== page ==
The Copper Rose Succulent ‘Echeveria Multicaulis’

Echeveria Multicaulis Image

Echeveria Multicaulis, better known as Mexican Firecracker or Copper Rose, is a succulent adored for its ability to make every home feel like a beautiful rainforest. If you are thinking about bringing Copper Rose into your home, look no further! Here you’ll find everything you need to know!

Physical Characteristics

echeveria multicaulis physical characteristics

Copper Rose’s leaves are green, spoon-shaped and fleshy. They store water making this succulent drought-tolerant. When Echeveria Multicaulis deals with sun stress, its leaves get reddish on the edges – this is the part of its defense mechanism.

The flowers of this echeveria appear during late spring and early summer. They are bell-shaped and their color varies – it can be pink, red, orange and even coral.

Images from the community

Echeveria Multicaulis Care

Sunlight: Echeveria love sun, so provide at least 5-6 hours of bright, direct sunlight every day. It’s important to find a balance – you’ll notice the stems will get leggy if this plant doesn’t get enough sun. On the other hand, you’ll notice burnt leaves if you give this plant too much intense sun.

Temperature: Copper Rose needs temperatures between 65 and 80°F (18 – 27°C) in order to thrive. Protect it from extreme heat and frost – they can damage its leaves and overall health.

Water: During active growing season(spring and summer), water every 1-2 weeks. During winter, water every 3-4 weeks. Adjust watering schedule according to the soil – water only when soil gets dried out. Water until you notice, excess water coming out from the bottom of the pot. It’s important to not water the leaves because they store water – water soil directly instead.

Soil: Excess water must not stay around the roots – it can lead to root rot. Get a well-draining soil or make your own. If you chose the first option, get a soil designed for succulents or cacti.

Fertilizer: Apply every 4-6 weeks during active growing season. When winter comes around, it’s best to stop fertilizing. Use diluted fertilizer made for succulents or cactus. Nutrients must spread evenly across the root system of your plant, so make sure to water it first before using fertilizer.

Growth

Repotting can solve a lot of problems and help Copper Rose to keep growing healthy. If you echeveria became root-bound or diseased, repotting can help. Always water your plant 1-2 days before transferring to a new pot. Here’s how to repot Copper Rose:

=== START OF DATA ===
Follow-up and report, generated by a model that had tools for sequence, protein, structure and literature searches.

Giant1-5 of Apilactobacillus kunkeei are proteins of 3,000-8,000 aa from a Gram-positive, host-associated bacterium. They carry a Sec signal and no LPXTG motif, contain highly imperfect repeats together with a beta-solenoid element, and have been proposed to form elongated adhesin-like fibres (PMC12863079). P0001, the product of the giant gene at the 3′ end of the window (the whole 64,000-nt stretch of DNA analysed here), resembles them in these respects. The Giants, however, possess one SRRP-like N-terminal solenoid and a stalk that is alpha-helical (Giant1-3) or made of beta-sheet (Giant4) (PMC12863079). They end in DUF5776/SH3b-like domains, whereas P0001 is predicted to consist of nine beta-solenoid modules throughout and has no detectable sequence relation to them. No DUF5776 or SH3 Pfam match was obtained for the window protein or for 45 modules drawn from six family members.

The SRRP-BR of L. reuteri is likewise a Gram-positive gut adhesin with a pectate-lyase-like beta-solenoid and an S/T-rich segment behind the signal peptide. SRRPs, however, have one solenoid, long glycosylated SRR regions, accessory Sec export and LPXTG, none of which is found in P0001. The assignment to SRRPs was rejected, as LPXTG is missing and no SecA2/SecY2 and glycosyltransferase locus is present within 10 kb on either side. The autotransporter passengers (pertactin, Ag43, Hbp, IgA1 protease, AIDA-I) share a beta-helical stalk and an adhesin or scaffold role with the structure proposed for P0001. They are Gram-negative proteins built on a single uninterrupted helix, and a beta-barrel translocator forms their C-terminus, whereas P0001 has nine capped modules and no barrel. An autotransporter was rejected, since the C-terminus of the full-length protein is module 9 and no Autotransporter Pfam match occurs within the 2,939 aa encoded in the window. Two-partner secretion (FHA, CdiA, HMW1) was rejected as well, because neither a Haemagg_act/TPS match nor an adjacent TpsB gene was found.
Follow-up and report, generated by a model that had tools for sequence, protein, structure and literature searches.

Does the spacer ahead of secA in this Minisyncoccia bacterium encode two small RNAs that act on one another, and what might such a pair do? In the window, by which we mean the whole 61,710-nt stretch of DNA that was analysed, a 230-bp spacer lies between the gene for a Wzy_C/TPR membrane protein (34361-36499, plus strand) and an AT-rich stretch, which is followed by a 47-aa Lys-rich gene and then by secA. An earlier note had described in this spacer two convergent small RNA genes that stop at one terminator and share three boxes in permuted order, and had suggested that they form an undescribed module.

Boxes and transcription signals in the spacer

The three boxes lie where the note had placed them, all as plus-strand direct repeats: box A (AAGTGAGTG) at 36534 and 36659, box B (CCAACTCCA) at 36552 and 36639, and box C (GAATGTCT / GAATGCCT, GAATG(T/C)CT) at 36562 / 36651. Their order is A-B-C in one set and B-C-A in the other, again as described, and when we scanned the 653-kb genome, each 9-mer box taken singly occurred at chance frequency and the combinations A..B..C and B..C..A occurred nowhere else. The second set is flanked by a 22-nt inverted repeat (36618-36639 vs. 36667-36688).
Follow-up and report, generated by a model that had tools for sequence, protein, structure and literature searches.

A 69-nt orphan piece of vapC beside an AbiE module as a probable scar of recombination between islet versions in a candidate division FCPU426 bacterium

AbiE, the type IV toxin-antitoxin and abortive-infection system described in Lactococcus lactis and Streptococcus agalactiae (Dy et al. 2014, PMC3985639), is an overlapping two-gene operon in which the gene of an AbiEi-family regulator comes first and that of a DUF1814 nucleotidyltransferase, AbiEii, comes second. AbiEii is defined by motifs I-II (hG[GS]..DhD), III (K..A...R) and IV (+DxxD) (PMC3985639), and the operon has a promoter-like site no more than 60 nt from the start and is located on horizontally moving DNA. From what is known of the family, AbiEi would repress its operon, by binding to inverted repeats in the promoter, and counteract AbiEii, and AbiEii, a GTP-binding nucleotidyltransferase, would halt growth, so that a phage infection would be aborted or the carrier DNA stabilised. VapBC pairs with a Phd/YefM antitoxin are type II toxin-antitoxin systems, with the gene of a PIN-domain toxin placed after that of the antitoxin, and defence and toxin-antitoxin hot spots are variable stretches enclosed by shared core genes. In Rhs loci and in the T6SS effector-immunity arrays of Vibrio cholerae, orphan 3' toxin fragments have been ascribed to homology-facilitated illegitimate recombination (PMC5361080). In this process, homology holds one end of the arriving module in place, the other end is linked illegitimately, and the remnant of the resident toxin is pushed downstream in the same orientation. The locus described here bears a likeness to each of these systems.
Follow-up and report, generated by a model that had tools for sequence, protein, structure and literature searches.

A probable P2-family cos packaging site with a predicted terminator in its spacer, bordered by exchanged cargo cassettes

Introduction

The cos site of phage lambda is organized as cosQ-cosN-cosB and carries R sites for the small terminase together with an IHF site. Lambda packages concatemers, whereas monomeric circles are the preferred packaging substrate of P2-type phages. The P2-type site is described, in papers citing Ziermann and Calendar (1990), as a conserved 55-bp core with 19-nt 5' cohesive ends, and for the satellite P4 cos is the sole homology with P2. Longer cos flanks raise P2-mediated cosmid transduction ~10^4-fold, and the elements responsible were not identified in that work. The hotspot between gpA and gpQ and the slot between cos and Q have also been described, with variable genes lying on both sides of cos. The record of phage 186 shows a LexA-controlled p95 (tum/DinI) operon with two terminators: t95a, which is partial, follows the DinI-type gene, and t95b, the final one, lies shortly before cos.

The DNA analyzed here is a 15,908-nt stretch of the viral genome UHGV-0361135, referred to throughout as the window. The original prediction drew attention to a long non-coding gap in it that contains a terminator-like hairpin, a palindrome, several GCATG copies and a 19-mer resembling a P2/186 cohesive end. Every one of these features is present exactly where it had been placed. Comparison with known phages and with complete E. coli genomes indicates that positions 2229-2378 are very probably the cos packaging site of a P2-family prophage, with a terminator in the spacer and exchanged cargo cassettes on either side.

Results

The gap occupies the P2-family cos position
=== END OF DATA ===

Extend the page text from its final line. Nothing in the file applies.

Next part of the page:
• Get a new, one-size bigger pot
  • Remove your Copper Rose from it’s current pot
  • Cut away dead or damaged roots
  • Fill new pot with well-draining soil
  • Plant Copper Rose in the middle of the pot

Finally, take a gentle care of your echeveria for the first couple of days after repotting. This includes giving it less amount of water than usual, and providing bright, indirect sunlight.

Pruning, like repotting, can also help your plant stay healthy. If you notice yellowing or diseased leaves, by cutting them, you’ll prevent other parts of your plant from getting sick. You can also trim back leggy stems and spent flowers.

Almost every echeveria produces offsets or baby plants. You can use them for propagation. Simply remove an offset from the soil and let it dry for 1-2 days. Plant them after in well-draining soil and keep them lightly moist. Place your potted offset under bright, indirect sunlight.

Leaf cuttings can do the job too – cut a healthy leaf and let it dry for 1-2 days. Plant it in well-draining soil and ensure to keep it lightly moist. Place your planted leaf cutting under bright, indirect sunlight.

Succulent City chief editor

ABOUT ME

Succulent City

Hey everyone! Welcome to Succulent City! We are all about succulents, cacti, and a bit about air plants. Ten years back, in 2013, we began the journey with succulents. It started as a simple hobby, crafting and selling charming succulent-themed pins and decorations. But as time passed, our fascination with these remarkable plants grew, and we gained extensive knowledge about them. Therefore, Succulent City is the blog as you see it is now. Enjoy your visit and happly planting!

Leave a Reply

Your email address will not be published. Required fields are marked *

This site uses Akismet to reduce spam. Learn how your comment data is processed.

Posted in Succulents